Actually the voice activation (on/off periods of sending vs silence) was the first thing we looked at in that project. There's definitely some information leakage there, but it was really hard to learn anything meaningful from it. The problem seems to be that long strings of words all get lumped into a single activation. It's really hard to discern anything about what those words are, or even what language they come from.

We got some very weak results on language detection from VAD. You can learn something about the language, but it's not very precise. For example, maybe you could tell that a given conversation is definitely not language A, B, or C, but it might still be language X, Y, or Z.


I've never tried doing pcaps with Discord voice chat yet but it would be interesting "estimating" what was said best on the amount of voice traffic transferred. Might be harder if it still looks like standard Discord TLS "control traffic" blending in though, no?


Keystroke timing analysis has some solid research. See, e.g., Timing Analysis of Keystrokes and Timing Attacks on SSH (https://people.eecs.berkeley.edu/~daw/papers/ssh-use01.pdf), Don’t Skype & Type! Acoustic Eavesdropping in Voice-Over-IP (https://arxiv.org/pdf/1609.09359.pdf).

Deciphering content from latencies in packetized speech is likely much more difficult, but I wouldn't put much stock in it being too difficult.

Which is to say, if you're transferring high-value information assets over VoIP you should probably assume it's decipherable. That doesn't mean you should change what you're doing. You could simple say, "M'eh, I'll worry about it when it becomes a thing." But I wouldn't assume it's confidential to someone willing to invest the time to target and capture the conversations. And I might leave a few choice comments in the source code and documentation so nobody could excuse imprudent reliance on confidentiality with, "But nobody warned me".


This comment isn't really related. I obviously love Discord and have been using pretty much since it became an option, but I wish there was a better UX for people who are in TONS of channels/servers. I find it hard to navigate all my current servers with just the icon -- especially when server owners are changing their avatars frequently.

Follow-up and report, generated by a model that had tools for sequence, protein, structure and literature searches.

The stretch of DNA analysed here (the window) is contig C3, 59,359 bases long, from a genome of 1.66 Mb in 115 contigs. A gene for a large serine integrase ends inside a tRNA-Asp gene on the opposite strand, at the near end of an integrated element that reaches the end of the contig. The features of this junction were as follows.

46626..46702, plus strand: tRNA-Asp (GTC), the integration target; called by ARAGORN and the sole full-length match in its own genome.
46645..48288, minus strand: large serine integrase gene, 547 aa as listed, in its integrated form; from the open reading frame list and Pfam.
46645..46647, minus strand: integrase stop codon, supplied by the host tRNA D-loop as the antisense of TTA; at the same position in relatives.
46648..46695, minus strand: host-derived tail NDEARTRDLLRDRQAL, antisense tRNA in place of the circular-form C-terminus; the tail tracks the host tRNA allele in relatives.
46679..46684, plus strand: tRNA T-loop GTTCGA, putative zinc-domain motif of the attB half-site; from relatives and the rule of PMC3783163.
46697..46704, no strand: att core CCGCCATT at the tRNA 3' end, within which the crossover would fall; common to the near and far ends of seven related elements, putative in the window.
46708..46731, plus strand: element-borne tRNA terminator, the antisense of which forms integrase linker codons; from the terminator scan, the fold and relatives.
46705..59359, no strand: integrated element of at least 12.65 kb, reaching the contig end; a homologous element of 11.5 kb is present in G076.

I am in a few dozen different discords and use Ctrl+K to navigate amongst them rather than use the icons on the left-hand side of the window.


I think their UX is awful, and their client is very slow in channels with thousands of users. They should open up their protocol so alternative clients can be created, or at least some IRC gateway.

I haven't made many calls but the sound was always crisp.


> open up their protocol

Both the Rest API (that official clients use internally too), as well as the real-time WebSocket protocol are described here:

https://discordapp.com/developers/docs/reference

https://discordapp.com/developers/docs/topics/gateway


Unfortunately you can't use these APIs to create third party clients because that violates their ToS, they are meant only for writing bots. If they catch you using these APIs with your full account credentials they'll ban your account.


They can't catch you using these apis since these are the same apis the first party client runs off of


Of course they can catch you if your client isn't 100% the same as the original there are going to be differences which "forensic" tools are going to prove.


Forensic net requests? You can MITM the entire traffic. Mimicking it's nature isn't the hardest task in the world if all the data is handed on a silver platter, and it's even easier when their client code is uncompiled JavaScript. There are always people data mining the client.

If you're thinking they're going to check the actual software. Like ass I'm going to let someone into my house to check if I'm breaking their terms of service


I agree on opening the protocol but if what you want is a gateway, it's already open enough for that.